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7 steps to ensure your approach to IT Problem Management ISN’T the problem

When pushed, most organisations would claim that they have an IT incident response plan. It’s surprising though how few have committed such a plan to paper or created a policy or a process that is clear and easily deployed.

It is an unfortunate trend and often, the greatest pain caused to your organisation by an IT problem is not the problem itself but your reaction to it.

Here are 7 Steps to Ensure Your Approach to IT Problem Management ISN’T The Problem.

1 – Make Reducing Problems Your Main Metric

One of the problems that come with problem management is how to measure its effectiveness. This is possibly why many organisations don’t have this crucial function in place – it’s hard to measure ROI and therefore difficult to justify.

Many metrics are employed with this end in mind but few deliver tangible evidence of success. Measuring reduction of problems does.

To get the best out of this metric – be specific! If you have server availability issues, for example, commit to reducing incidents by 60% in twelve months. Regularly benchmark your progress against your target.

2 – Prioritise

When you consider the number of angles from which an IT incident can come at you, from a malicious cyber-attack to simple user error, it is important that part of your Problem Management strategy is to prioritise.

A large part of the role of the effective Problem Manager is almost administrative! Reviewing requests and deciding which are justified, for example.

A key decider in your prioritisation process should be business case, it can help justify the resources required for each investigation and remedy.

3 – Think Long Term Solutions

Don’t simply approach an incident with a view to fixing the problem that has presented itself today. Instead think long term about how such an issue could happen again either locally, or elsewhere within your IT estate.

When you start to think about problem management in this way, when you treat causes not symptoms, over time you reduce the number of incidents of a similar nature.

4 – Add A Virtual Black Box to Your IT Operation.

I remember leaving the Apollo 13 movie starring Tom Hanks and wondering what happened next? I wanted a sequel that showed NASA’s fine tooth comb investigation of the data to figure out what had caused the problem and how to prevent it in the future.

Think about Apollo 13. NASA’s mission team had a plan and the astronauts on board brought their considerable experience to the problem they had encountered. It was, in many ways, a textbook example of Problem Management. For me, though, the crucial bit happened after the popping of champagne corks away from the public’s gaze.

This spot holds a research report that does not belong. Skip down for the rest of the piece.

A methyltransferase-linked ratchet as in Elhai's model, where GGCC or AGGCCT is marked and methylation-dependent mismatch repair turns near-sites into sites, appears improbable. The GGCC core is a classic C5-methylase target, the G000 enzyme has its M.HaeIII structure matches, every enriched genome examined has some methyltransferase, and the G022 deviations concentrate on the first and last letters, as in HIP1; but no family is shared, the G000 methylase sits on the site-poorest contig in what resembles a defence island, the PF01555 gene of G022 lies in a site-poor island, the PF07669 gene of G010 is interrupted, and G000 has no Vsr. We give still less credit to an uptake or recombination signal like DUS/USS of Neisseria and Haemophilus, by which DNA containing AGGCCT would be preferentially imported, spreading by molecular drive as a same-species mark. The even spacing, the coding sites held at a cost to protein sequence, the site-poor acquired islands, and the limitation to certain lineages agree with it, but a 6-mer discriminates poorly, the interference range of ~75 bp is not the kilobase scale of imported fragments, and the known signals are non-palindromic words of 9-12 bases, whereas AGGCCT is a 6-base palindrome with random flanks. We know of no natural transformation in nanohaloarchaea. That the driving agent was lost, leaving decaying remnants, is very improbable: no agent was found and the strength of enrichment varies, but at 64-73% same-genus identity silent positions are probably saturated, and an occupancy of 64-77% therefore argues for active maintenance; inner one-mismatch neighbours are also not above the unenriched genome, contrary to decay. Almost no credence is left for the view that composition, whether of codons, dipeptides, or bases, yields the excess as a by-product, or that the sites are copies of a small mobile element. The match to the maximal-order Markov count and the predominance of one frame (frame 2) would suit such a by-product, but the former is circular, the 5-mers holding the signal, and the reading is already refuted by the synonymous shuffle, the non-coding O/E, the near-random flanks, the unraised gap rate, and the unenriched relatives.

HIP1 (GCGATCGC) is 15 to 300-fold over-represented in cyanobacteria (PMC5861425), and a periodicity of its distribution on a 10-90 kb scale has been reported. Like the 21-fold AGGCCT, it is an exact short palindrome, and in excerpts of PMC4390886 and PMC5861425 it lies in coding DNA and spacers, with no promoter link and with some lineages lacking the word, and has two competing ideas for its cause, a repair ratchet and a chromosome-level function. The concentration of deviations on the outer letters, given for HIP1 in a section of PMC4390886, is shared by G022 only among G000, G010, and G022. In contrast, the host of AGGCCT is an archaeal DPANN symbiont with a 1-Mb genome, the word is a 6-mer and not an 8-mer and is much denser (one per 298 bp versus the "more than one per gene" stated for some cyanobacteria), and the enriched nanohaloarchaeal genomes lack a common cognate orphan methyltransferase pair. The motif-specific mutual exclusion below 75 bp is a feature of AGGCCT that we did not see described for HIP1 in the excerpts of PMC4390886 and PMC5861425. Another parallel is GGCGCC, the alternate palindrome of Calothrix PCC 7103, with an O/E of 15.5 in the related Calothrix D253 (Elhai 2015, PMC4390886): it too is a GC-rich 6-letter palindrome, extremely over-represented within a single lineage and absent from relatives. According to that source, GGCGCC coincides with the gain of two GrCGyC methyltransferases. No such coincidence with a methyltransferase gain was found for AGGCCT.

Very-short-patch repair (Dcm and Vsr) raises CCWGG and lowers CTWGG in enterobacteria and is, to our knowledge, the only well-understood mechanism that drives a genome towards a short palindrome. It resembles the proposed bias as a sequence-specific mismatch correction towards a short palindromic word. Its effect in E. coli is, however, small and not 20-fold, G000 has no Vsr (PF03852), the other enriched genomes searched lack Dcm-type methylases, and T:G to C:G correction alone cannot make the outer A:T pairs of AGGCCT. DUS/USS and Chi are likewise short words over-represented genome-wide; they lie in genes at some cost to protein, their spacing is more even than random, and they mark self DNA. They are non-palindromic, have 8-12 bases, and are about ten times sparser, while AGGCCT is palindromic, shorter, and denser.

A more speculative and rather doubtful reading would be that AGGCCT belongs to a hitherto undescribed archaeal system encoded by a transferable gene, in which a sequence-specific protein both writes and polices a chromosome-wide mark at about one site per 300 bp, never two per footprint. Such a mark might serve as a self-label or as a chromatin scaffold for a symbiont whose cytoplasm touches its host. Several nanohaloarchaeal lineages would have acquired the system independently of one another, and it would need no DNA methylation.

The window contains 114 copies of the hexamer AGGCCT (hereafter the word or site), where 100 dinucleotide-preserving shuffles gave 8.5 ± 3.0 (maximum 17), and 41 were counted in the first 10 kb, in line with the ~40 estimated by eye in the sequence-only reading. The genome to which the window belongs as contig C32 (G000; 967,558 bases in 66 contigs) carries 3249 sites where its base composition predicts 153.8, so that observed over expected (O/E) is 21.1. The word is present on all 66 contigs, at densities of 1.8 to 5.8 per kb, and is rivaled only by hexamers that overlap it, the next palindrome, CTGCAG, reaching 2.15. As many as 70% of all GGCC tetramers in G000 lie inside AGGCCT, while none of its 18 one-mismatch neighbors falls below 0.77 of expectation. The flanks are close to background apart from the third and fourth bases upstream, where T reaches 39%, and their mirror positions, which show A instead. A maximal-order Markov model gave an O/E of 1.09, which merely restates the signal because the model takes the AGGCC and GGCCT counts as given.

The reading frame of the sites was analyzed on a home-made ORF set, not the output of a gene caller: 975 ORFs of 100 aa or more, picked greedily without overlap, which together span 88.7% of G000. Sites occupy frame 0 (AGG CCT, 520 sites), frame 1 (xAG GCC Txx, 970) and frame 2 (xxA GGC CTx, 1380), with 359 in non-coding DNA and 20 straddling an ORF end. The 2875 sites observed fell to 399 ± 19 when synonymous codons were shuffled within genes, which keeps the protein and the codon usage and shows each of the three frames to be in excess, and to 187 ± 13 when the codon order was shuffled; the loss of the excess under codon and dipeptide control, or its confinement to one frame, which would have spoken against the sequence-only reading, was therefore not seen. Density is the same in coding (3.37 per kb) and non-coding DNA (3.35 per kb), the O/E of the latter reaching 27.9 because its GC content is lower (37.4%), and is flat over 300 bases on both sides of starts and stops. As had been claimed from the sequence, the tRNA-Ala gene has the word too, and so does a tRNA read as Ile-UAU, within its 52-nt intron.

Proper post problem analysis can have a huge impact on reducing future incidents.

5 – Get In, Get On, Get Out

Problems are not like fine wine; they don’t improve the longer you leave them.

The quicker than you can get started and get finished the more strategic business value you add.

To accomplish this aim, over time develop a sense of low-hanging fruit when it comes to problem management within your organisation. One of my service desk manager friends has a sign on his desktop monitor that says “First rule out human error!” He maintains that 80% of IT incidents reported to him are actually user error so before lifting the bonnet on the system he checks for a human fingerprint.

In most organisations, the vast majority of incidents are caused by human error or process failures, in other words, they’re non-technical. Getting to know and looking for the non-tech behavioural patterns that exist within your incident log can save time and resources.

6 – BE Proactive

Adopting a proactive approach to problem management could be the best thing that you do.

A reactive hindsight driven approach is all that some professions have but we are blessed! Trends from log reports can be analysed and help desk requests are a rich seam of data that can be mined and used to reduce incidents occurring in the future. We have the gift of foresight!

Furthermore – we share! Advanced warning of IT problems are all over social media, forums and newsgroups. Incidents that happen elsewhere can be a powerful asset – you’ll often find a targeted solution that worked and what to avoid because it didn’t too!

7 – Get Help

In a world of commoditised IT, it is no surprise ‘Problem Management as a Service’ is something that you can buy in. It comes in a few shapes and sizes, like a Multisourced Service Desk that can provide effective incident reporting, predictable costs and flexibility of scale, for example.

If you are buying in Problem Management, you can get clear and transparent incident reporting and appropriate remediation processes. Look for a trusted Partner with client-side objectives.

Whatever approach you take to Problem Management, it is very important that you have one. It is essential for any IT organisation wanting to deliver high levels of service, availability and consistent high quality that you have a problem plan in place so this week take time out to imagine the worst happening.

Imagine the disgruntled ex-employee, the under trained end-user, the process failure or the malicious malware attack and ask yourself – what’s YOUR plan?

More about how Stoneseed’s IT Service Management can help you to improve the quality and reduce the cost of your ITSM.

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